The Real Deal New York

Merchants files another complaint against GEMS – for $200M

Filing alleges firm was “left at the altar” in planned construction of UES school

July 15, 2014 05:50PM
By David Jones

abraham-merchantFB

Abraham Merchant

Days after being rebuffed by two New York State courts, Merchants Hospitality has filed a new $200 million complaint against Dubai-based GEMS Education, alleging the firm backed out of a deal to develop a private school on the Upper East Side of Manhattan.

The complaint, filed July 11 in Manhattan Supreme Court, alleges GEMS committed fraud and breach of contract when it allegedly backed out of an agreement to build a 213,000-square-foot school on Second Avenue and 93rd Street under a 40-year triple-net-lease.

Lawyers for Merchants were forced to file the full complaint after the two judges rejected an earlier summary judgment claim by the real estate firm for $940 million, amid disputes over, among other things, the selection of an architect and the financial status of GEMS, according to court records.

“Landlord expended substantial sums assembling this property and sourcing financing for this transaction, only to be left at the altar by tenant merely because the tenant was unable to fulfill its contractual obligations and commitments,” attorney Y. David Scharf said in a statement. “Landlord wants what it bargained for and intends to hold the guarantor accountable for tenant’s wrongful termination of the lease and its fraudulent acts.”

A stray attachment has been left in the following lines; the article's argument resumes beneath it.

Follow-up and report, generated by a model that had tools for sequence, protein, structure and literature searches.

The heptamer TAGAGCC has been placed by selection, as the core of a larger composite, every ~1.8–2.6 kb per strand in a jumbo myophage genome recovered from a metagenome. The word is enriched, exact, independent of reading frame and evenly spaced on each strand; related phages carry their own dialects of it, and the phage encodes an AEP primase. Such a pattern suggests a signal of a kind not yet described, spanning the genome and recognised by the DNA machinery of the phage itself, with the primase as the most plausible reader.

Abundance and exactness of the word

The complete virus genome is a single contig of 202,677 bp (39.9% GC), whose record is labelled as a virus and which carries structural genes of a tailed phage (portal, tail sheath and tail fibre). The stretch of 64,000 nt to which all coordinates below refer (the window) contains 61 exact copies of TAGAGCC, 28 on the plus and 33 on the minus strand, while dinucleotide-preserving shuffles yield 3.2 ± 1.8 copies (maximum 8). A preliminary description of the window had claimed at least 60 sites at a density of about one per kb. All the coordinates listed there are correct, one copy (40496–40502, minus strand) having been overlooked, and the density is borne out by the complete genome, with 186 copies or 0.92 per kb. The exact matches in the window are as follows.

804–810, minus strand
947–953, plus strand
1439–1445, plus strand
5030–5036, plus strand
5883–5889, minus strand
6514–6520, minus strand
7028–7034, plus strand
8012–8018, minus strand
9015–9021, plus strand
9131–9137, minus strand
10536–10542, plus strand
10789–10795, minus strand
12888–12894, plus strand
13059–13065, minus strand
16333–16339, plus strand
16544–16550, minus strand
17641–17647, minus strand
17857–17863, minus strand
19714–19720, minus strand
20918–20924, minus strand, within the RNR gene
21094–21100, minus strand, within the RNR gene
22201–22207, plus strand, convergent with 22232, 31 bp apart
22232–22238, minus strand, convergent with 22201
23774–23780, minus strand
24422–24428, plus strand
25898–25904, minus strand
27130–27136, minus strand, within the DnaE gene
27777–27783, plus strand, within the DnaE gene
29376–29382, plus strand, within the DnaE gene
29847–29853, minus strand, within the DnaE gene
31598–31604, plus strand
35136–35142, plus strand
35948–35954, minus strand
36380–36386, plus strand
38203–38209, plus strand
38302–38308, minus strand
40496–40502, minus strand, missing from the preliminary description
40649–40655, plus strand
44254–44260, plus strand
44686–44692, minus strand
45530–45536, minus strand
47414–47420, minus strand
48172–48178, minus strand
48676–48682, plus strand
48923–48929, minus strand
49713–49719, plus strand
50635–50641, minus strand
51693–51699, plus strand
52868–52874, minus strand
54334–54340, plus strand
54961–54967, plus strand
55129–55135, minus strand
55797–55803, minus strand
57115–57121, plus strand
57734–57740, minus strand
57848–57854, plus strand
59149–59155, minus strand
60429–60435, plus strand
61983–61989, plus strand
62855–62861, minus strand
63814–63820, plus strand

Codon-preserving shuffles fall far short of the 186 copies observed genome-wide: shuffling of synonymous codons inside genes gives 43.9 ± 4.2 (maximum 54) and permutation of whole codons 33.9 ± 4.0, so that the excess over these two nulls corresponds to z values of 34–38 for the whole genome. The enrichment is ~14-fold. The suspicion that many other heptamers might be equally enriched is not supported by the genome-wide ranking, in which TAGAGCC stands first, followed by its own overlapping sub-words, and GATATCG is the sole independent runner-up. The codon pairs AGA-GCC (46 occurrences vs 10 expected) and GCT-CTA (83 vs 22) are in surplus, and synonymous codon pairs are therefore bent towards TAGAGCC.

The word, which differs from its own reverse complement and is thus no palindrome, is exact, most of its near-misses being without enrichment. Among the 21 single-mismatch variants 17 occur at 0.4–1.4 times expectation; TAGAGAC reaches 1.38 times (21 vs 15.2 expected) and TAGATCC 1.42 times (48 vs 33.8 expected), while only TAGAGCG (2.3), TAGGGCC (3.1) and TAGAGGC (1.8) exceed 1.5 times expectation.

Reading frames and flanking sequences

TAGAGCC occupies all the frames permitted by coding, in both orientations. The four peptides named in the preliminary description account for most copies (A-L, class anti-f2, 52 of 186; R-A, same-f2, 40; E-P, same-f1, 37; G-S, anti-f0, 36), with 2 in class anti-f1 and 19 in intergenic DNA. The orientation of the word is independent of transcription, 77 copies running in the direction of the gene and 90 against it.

According to the new complaint, lawyers for Merchants Hospitality claim that GEMS misrepresented its financial condition and also repudiated a lease agreement reached between the parties. In court filings, Merchants says that GEMS failed to disclose significant amounts of debt that it took on.

Lawyers for GEMS, in court documents and oral arguments, said that the lease was no longer in effect after the parties failed to reach agreement on an architect. They also said that transactions that the plaintiffs claimed were debt were actually equity.

Justice Jeffrey Oing said last week that he found no evidence that GEMS was running from creditors or could not fulfill its financial obligations, as the plaintiffs asked him to place an attachment on GEMS assets.

GEMS, led by founder and chairman Sunny Varkey, is the world’s largest private school operator, and is scheduled to open GEMS World Academy in Chicago later this year. Merchants, led by Abraham Merchant, invests, manages and develops various office buildings, hotel properties and restaurants, including 260 Park Avenue South and Merchants River House at 220 Liberty Street.

Lawyers for GEMS noted that two previous judges reviewed the evidence and rejected the arguments made by Merchants Hospitality.

“The facts here are very simple: two judges, in just one week, have already rejected arguments based on these baseless allegations period,” said attorney Robert Ward, who represents GEMS. “There is nothing more to say regarding the merits of this case.”

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